Key elements that relate to the heritage value of this historic site include:
- the siting and orientation of the complex in relation to the Saint-Maurice River, Shawinigan Falls, and the natural topography of the riverbank and upper terrace;
- the siting and orientation of the aluminum smelter on the upper plateau and the hydroelectric facility below in relation to each other;
- the siting and orientation of buildings within the complex, including their relationship to each other, the siting of Buildings 2 and 22 at the front of the complex, and the physical connections between buildings 2 and 22, and buildings 3, 4, 5, 6, 7, 8, 9, 11, 14, 15, and 20;
- the brick construction and classical vocabulary of all buildings;
- the rectangular forms, gable roofs, and generous fenestration of the principal buildings;
- the exterior design details shared by buildings, including bays defined by brick pilasters and corbelled cornices, groupings of segmentally arched windows with tall, narrow, multi-lite glazing, stone sills, large, round-arched door openings with multi-light transoms, and pedimented gable ends with large, multi-light oculus windows;
- the surviving interior fixtures and finishes connected with the original use of buildings within the complex, including the remains of a cable manufacturing device and annealing ovens in Building 3, and a rolling bridge and remains of electrolytic vats in both Building 7 and 15;
- the high elevation and large scale of Building 15 in relation to the other buildings in the complex;
- the surviving original interior finishes in Building 15, including the oiled-wood floor planks, and the brick cladding of the steel columns;
- the domestic scale and two-storey, hipped-roof form of Building 2, its surviving exterior materials and finishes, including the brick walls, an aluminum-tile roof, stone foundation, and cut-stone sills and voussoirs;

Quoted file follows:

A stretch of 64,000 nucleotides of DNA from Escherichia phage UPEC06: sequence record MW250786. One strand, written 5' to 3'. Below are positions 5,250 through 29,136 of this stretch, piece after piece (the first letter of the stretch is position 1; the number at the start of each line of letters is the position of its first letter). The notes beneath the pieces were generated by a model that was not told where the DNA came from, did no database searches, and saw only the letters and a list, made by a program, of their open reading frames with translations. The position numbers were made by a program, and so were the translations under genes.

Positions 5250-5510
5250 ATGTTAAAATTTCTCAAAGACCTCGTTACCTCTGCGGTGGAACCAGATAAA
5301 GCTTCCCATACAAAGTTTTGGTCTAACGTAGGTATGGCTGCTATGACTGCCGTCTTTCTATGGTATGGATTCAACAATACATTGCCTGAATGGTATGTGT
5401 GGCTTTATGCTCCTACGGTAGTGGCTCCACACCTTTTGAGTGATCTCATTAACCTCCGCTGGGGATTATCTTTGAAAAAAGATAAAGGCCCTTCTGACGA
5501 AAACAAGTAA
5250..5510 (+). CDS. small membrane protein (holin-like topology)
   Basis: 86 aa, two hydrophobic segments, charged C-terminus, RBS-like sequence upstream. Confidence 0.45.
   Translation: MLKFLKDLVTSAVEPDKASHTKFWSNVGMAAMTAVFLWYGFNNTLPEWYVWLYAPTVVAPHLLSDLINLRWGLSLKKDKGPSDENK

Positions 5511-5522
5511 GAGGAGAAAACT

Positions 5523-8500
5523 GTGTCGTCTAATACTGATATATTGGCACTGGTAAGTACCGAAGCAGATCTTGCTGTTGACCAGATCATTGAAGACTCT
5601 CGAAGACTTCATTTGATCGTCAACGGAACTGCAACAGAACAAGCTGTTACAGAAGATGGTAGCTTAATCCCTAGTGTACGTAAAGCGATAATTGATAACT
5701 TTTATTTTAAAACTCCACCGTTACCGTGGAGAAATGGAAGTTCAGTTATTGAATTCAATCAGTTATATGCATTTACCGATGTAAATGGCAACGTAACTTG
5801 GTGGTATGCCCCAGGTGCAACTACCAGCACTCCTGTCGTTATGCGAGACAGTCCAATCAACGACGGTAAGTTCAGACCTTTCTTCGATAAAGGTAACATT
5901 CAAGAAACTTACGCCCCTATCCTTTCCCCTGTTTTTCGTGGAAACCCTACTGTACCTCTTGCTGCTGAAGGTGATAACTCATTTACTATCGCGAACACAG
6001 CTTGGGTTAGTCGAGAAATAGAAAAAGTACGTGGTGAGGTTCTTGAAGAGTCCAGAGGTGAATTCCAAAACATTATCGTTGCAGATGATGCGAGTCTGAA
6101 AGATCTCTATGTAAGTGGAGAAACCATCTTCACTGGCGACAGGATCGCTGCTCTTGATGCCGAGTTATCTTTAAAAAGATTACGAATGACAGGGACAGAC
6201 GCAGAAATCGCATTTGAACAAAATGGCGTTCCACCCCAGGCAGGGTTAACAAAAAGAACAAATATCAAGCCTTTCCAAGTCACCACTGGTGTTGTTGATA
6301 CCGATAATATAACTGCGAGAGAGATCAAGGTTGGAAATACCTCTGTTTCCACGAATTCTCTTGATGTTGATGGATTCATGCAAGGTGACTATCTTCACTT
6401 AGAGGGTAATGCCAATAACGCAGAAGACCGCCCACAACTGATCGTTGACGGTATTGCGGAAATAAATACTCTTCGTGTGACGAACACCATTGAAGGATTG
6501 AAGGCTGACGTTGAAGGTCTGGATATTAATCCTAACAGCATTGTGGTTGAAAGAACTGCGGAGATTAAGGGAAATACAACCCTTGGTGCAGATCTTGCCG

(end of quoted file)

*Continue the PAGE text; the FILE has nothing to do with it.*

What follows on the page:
- the surviving remnants of the 1899 railway siding, including the original material, siting and orientation;
- the archaeological remains of structures and buildings, notably Buildings 4A (1907), 4C (1928), 4D (1930), 21 (1919), and 27 (1935), as well as the buried pipelines and construction shacks (1899);
- the surviving remains of the foundations of the second power plant (Building 16);
- viewscapes to and from the complex and the river, falls, and adjacent roads, to and from the aluminum smelting facility on the upper terrace, and the hydroelectric facility below;
- Building 1 in its siting on the riverbank at the foot of the plateau, its relationship to the headrace conduit, and to the aluminum smelter on the upper terrace, its rectangular, one-storey, gable-roofed form with a monitor roof, its design and detailing, including groupings of symmetrically placed, round-arched openings with cut-stone sills, monitor roof, square, hipped-roof tower, and the surviving interior and exterior features connected with the production of hydroelectric energy;
- Building 22 in its two-storey, hipped-roof form, neoclassical style evident in its symmetrical façade with regularly placed openings, recessed bays separated by pilasters, the main entrance with a segmental pediment, its dentilled cornice, its exterior detailing and finishes, including brick walls laid in Flemish bond, brick pilasters, stone detailing, aluminum-tile roof, and its stone pediment inscribed with “Aluminum Company of Canada Limited”, its siting and orientation at the front of the site, and its connection to Building 2.